In 1963 she got another Honorary Doctor of Letters, this time from Smith College. She also won first prize in the O. Henry awards for “Everything That Rises Must Converge.” (Walters 12) Near the end of 1963, O’Connor was ill again and had to cancel appearances because of the side effects of her medications, which were causing her face to swell and her hair to fall out (McFarland 9). She was diagnosed with an ovarian tumor and had surgery in February of 1964, which reactivated her lupus (Cash 297). As the disease progressed, O’Connor’s bones and joints deteriorated until she could only walk with crutches (McFarland 9). O’Connor developed kidney failure and on August 3, 1964 she passed away at the age of 39 (Cash 316). That same year she again won first prize in the O. Henry awards for “Revelation” and seven years after her death, The Complete Stories of Flannery O’Connor won the National Book Award (Walters 12).

            Though her death met with relatively little fanfare, her influence on literature and art has steadily been increasing. Cash said that artists like Jimmy Buffet, U2 and Billy Bob Thorton have sited O‘Connor has having an influence on their works. “Because she herself was fascinated by the absurdities of popular culture, she would no doubt have been amused to learn that she has become something of an icon to pop musicians and movie stars.” (320)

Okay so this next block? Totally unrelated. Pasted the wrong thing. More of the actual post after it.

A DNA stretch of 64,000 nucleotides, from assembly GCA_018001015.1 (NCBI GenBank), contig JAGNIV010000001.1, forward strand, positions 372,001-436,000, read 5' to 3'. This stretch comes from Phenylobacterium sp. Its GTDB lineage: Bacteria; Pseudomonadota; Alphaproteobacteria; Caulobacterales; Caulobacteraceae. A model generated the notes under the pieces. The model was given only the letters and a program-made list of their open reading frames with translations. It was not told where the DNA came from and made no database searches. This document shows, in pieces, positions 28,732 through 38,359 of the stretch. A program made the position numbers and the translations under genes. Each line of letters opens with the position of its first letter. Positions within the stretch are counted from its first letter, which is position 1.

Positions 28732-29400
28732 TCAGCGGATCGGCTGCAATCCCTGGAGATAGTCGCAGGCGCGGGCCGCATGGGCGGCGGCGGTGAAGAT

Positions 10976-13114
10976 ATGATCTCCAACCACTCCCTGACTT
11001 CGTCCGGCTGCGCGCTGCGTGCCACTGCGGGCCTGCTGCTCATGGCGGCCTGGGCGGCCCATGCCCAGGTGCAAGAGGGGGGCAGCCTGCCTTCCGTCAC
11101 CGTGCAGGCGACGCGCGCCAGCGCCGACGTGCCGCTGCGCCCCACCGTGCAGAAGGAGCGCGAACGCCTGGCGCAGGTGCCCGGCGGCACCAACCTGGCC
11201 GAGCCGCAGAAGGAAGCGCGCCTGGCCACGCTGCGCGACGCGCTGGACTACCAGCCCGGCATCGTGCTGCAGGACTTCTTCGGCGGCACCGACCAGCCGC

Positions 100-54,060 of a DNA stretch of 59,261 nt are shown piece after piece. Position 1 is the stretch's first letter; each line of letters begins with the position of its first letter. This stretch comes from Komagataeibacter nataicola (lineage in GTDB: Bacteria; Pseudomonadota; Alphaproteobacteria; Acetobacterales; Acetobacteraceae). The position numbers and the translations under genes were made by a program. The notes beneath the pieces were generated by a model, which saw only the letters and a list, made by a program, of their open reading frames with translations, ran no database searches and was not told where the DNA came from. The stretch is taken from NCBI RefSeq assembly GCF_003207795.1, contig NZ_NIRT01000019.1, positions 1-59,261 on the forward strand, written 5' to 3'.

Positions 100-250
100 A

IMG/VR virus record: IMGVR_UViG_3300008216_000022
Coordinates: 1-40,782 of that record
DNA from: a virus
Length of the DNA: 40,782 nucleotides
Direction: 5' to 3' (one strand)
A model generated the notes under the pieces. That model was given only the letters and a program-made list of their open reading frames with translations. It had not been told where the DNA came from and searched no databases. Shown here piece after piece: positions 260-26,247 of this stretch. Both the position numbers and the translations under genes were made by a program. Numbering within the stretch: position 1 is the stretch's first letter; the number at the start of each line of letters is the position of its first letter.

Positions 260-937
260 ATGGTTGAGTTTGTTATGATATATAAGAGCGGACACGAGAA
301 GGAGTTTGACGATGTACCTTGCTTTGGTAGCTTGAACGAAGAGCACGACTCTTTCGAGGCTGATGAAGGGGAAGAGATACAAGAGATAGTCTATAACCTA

In all of her writings, the human spirit and how it related to God and vice versa was always her main concern. She would show this by writing in a style that became known as grotesque because it mixed things together that usually do not occur or belong together. “Certainly her fascination with incongruity ran deep; it is present in all her writings both stylistically and thematically. Incongruity embodied for her a fundamental human reality: a man’s experience of himself as a creature of both flesh and spirit, a being that is rooted in nature but that longs to transcend nature.” (McFarland 1-7)

Works Cited

Cash, Jean W. Flannery O’Connor: A Life. Knoxville: u of Tennessee P.

McFarland, Dorothy T. Flannery O’Connor: Modern Literature Monographs. New York:  Frederick Ungar Publishing Co., 1976.

Walters, Dorothy. Flannery O’Connor. Boston: Twayne Publishers, 1973.

MLA Style Citation of this Web Page

Reuben, Paul P. "Chapter 10: Flannery O'Connor." PAL: Perspectives in American Literature- A Research and Reference Guide. URL:http://www.csustan.edu/english/reuben/pal/chap10/oconnor.html (provide page date or date of your login).